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What our Spotify playlists reveal about the emotional nature of financial markets

We like to believe that our purchase decisions are based on rational calculations and facts, but we know that they are often also driven by emotions. When it comes to good food, clothing or electronic devices, do we really think of costs and benefits, or do we react to stress, frustration, joy or excitement?

The same can be asked of the financial markets. The famous “efficient market hypothesis” argues that stock prices are determined by rational calculations. But traders are people and people are influenced by emotions. Are these emotions leaked to the stock market?

Investigating this question is difficult because people’s emotions are not observable. While emotions manifest themselves in observable actions, many such actions (e.g. aggressive behavior or language) are not captured by data.

But what if there was a way to measure the general sentiment of a country and relate it to the behavior of the financial markets? In the age of Spotify, this has become a real possibility.

Our study, published in the Journal of Financial Economics, uses the music people hear as a measure of national sentiment that influences market behavior. It builds on the concept of “mood congruence” – that people’s choices of music reflect their mood (sad songs at funerals, happy songs at parties, and so on).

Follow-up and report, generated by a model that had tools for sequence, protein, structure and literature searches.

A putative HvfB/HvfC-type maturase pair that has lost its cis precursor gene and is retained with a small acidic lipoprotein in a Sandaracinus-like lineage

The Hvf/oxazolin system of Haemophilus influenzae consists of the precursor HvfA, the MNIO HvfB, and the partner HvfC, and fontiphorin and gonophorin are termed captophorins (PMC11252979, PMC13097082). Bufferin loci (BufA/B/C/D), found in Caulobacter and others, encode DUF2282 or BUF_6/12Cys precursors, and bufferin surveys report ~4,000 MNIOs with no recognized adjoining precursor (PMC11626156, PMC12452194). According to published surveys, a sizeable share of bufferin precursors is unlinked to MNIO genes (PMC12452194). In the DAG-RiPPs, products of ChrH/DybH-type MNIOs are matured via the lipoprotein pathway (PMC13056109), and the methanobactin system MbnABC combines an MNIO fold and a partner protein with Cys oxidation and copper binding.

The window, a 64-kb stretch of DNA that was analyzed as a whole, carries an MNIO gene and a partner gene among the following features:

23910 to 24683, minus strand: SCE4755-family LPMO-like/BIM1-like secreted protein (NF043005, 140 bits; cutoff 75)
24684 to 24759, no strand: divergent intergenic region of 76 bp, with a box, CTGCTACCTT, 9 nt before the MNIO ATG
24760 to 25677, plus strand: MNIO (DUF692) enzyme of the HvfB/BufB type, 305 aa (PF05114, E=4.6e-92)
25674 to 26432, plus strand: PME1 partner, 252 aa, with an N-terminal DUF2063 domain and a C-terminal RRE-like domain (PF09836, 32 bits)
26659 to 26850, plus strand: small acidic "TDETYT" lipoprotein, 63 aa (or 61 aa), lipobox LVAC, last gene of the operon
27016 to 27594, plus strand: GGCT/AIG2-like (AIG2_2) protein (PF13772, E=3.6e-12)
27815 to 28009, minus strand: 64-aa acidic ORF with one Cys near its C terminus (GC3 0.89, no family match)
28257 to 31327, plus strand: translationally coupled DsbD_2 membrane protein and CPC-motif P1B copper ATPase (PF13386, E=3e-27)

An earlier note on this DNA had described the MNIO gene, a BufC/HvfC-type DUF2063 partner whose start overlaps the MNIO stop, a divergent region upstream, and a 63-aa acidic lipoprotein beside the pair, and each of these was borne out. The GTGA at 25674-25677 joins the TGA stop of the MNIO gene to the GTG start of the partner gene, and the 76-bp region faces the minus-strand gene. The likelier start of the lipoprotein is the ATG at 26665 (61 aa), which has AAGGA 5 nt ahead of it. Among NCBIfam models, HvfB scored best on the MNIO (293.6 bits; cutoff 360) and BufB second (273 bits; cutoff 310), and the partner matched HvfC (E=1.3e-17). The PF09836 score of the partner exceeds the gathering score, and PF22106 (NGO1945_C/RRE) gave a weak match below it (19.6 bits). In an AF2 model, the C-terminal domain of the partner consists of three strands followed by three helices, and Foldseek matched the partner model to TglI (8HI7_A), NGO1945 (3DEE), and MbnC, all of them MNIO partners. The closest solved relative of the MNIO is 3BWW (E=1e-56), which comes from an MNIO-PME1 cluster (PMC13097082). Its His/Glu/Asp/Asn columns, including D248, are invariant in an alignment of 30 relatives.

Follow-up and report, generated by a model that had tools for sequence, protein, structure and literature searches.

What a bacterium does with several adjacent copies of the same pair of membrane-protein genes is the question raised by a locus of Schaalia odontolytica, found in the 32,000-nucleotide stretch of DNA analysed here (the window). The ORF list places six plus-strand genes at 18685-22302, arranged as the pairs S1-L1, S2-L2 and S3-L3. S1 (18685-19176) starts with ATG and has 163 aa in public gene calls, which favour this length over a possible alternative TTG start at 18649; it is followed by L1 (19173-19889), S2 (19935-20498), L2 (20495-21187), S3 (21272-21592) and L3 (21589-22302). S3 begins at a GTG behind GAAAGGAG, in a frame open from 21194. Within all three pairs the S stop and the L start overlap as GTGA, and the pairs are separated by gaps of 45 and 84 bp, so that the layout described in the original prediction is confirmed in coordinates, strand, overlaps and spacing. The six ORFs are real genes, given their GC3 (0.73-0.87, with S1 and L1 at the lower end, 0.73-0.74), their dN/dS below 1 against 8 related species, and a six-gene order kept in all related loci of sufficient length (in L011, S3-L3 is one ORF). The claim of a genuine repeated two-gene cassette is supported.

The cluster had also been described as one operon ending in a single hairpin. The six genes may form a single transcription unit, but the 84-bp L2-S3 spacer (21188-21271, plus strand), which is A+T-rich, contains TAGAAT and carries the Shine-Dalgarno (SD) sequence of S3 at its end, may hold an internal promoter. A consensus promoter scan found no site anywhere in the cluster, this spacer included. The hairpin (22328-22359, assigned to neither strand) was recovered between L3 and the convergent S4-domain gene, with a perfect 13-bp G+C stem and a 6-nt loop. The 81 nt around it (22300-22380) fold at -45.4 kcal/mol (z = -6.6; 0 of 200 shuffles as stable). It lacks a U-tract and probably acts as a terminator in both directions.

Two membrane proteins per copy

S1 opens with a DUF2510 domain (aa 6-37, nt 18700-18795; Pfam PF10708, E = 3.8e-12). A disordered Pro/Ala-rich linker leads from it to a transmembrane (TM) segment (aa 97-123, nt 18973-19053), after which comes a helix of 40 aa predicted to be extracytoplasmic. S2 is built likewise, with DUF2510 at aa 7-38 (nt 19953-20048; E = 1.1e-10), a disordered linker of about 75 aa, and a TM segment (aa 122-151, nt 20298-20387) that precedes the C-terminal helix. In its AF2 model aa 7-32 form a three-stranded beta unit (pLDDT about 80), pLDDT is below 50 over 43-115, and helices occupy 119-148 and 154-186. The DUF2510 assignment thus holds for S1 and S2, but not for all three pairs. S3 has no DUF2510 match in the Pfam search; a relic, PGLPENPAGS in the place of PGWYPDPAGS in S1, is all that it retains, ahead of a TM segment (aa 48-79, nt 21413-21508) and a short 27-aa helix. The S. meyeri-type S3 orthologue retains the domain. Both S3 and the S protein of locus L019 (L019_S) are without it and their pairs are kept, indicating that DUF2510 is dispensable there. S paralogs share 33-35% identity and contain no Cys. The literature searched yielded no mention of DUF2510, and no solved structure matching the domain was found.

Spotify offers aggregated listening data for an entire country, as well as an algorithm that classifies the positivity or negativity of each song. Using these inputs, we calculate the “music mood” – a measure of the mood of a country, expressed by the positivity of the songs its citizens hear.

How is mood usually measured?

Investor sentiment is often defined as the general sentiment of investors about a particular market or asset. Although this definition is widely accepted, it is difficult to construct a pure measure of sentiment that is not complicated by economics.

Many natural measures – consumer confidence, GDP growth, unemployment, coronavirus cases and deaths – have direct economic effects. So if, for example, a high consumer confidence index is driving the stock market up, that doesn’t necessarily suggest that emotions are directly affecting the stock market.

Rather, the increase could be a rational response to an improvement in the business and employment conditions on which the index is based. So an alternative is to look for other “sentiment proxies” as useful indicators of national sentiment.

Previous investor sentiment research has used shocks that affect national sentiment but not the economy, such as the results of major sports tournaments.

However, other factors can affect sentiment – a country could lose a sports game but also enjoy falling COVID cases. Hence our suggested alternative way of capturing people’s sentiment with national Spotify data.

Measure moods with music

One problem with music hearing data is that people choose music to neutralize their moods rather than reflect them – for example, listening to happy music to heal a depressed mood.